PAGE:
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An Albuquerque Man in Heated Road Rage Incident 'Pulled Out a Gun and Shot at the Red Truck' Where an Innocent 4-Year-Old Sat in Back


"Lilly was hit at least once in the head."

Lilly Garcia's parents spoke with broken words in an interview with the local news while holding a picture of the little girl. (Image source: KOAT-TV)

ALBUQUERQUE, N.M. (AP) -- A 32-year-old man is facing murder charges in the road-rage killing of a 4-year-old Albuquerque girl, who was shot in the backseat of her father's truck - a death that horrified the public.

Police said Tony Torrez was arrested Wednesday and admitted to the shooting in the death of Lilly Garcia.

The announcement came a few hours after police said a person of interest had been taken into custody.

Lilly Garcia's parents spoke with broken words in an interview with the local news while holding a picture of the little girl. (Image source: KOAT-TV)

Lilly was riding in the backseat with her 7-year-old brother after they were picked up from school Tuesday when someone in a Toyota opened fire on the family as they traveled down the main east-west freeway in Albuquerque.

The father told authorities that he was trying to exit I-40 when a car forced him out of his lane, according to a police statement.

"The two drivers exchanged words when Torrez pulled out a gun and shot at the red truck driven by Lilly's father," the statement continued. "Lilly was hit at least once in the head."

Tony Torrez was arrested and charged with the murder of the Lilly Garcia. (Image source: Albuquerque Police Department)

The father quickly pulled over and tried to administer first aid to his daughter as a bystander called 911.

In the roughly minute-long call released by police, a man is heard alerting an operator to a truck stopped on the median on Interstate 40 on Albuquerque's west side with "an adult holding an unresponsive child."

Two nurses showed up and tried save the girl's life as ambulances arrived and rushed her to the hospital, where she died, Albuquerque Police Chief Gorden Eden said.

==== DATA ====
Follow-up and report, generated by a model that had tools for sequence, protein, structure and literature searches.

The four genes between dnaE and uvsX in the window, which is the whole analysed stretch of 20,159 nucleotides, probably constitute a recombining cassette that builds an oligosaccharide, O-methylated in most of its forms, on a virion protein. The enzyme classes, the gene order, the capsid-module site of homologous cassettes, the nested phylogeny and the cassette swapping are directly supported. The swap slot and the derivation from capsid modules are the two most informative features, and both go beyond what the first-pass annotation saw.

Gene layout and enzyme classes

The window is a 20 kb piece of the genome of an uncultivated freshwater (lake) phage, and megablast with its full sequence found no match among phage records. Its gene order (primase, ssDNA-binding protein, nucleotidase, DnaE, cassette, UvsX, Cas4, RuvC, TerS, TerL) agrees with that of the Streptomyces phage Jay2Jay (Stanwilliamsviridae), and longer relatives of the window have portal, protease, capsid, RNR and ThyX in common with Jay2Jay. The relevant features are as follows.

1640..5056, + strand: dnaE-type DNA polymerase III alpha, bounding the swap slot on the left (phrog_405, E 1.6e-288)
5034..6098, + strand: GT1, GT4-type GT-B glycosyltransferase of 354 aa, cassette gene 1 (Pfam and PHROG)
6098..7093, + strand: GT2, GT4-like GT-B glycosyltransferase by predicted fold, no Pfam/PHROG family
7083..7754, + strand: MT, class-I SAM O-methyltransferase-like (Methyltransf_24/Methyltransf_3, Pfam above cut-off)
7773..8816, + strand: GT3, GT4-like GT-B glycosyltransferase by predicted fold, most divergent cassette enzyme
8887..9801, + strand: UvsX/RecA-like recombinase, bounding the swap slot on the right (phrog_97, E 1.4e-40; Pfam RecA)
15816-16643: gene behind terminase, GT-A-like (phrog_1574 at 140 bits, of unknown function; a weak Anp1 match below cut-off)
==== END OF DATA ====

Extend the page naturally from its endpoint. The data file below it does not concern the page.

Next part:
Authorities quickly began pressing for tips, offering roughly $25,000 for information that leads to the arrest of the shooter, who was driving a newer-model maroon or dark red Toyota Corolla or Camry with a spoiler on the trunk and dark tinted windows. The car also had a University of New Mexico license plate.

Police said an anonymous caller provided the name of a possible suspect a day after the shooting.

FBI special agent in charge Carol K.O. Lee, left, and Albuquerque Police Department Chief Gorden Eden address the media Wednesday, Oct. 21, 2015, following a road-rage incident where four-year-old Lilly Garcia was shot and killed in Albuquerque, N.M. Police detained a man on Wednesday in connection with the killing of the girl who was shot in the backseat of her father's truck after he picked up her and her brother from school. (AP/Mary Hudetz)

With that information as well as tips from the community, detectives were able to find the suspect, detaining him without incident.

"This evening, Torrez confessed to investigators he was responsible for the murder," the police statement said.

He was also charged with weapons violations.

At a late-night news conference, Eden released details of Torrez's arrest as well as information about the unrelated shooting that evening that left a city policeman critically wounded. A suspect was later arrested in that case.

"For me, this is a terrible day. A terrible day," Eden said.

Earlier in the day, he described the search for a road-rage suspect.

Albuquerque officers "have not stopped or slept," the police chief said. "Every officer in law enforcement in New Mexico is currently looking for the vehicle I described."

It's not clear what led the incident to escalate, but the father told officers the shooting was the result of road rage.

Mayor Richard Berry said the slaying "cut to the core" of the community. Police worked with state transportation officials to post requests for tips on interstate billboards.

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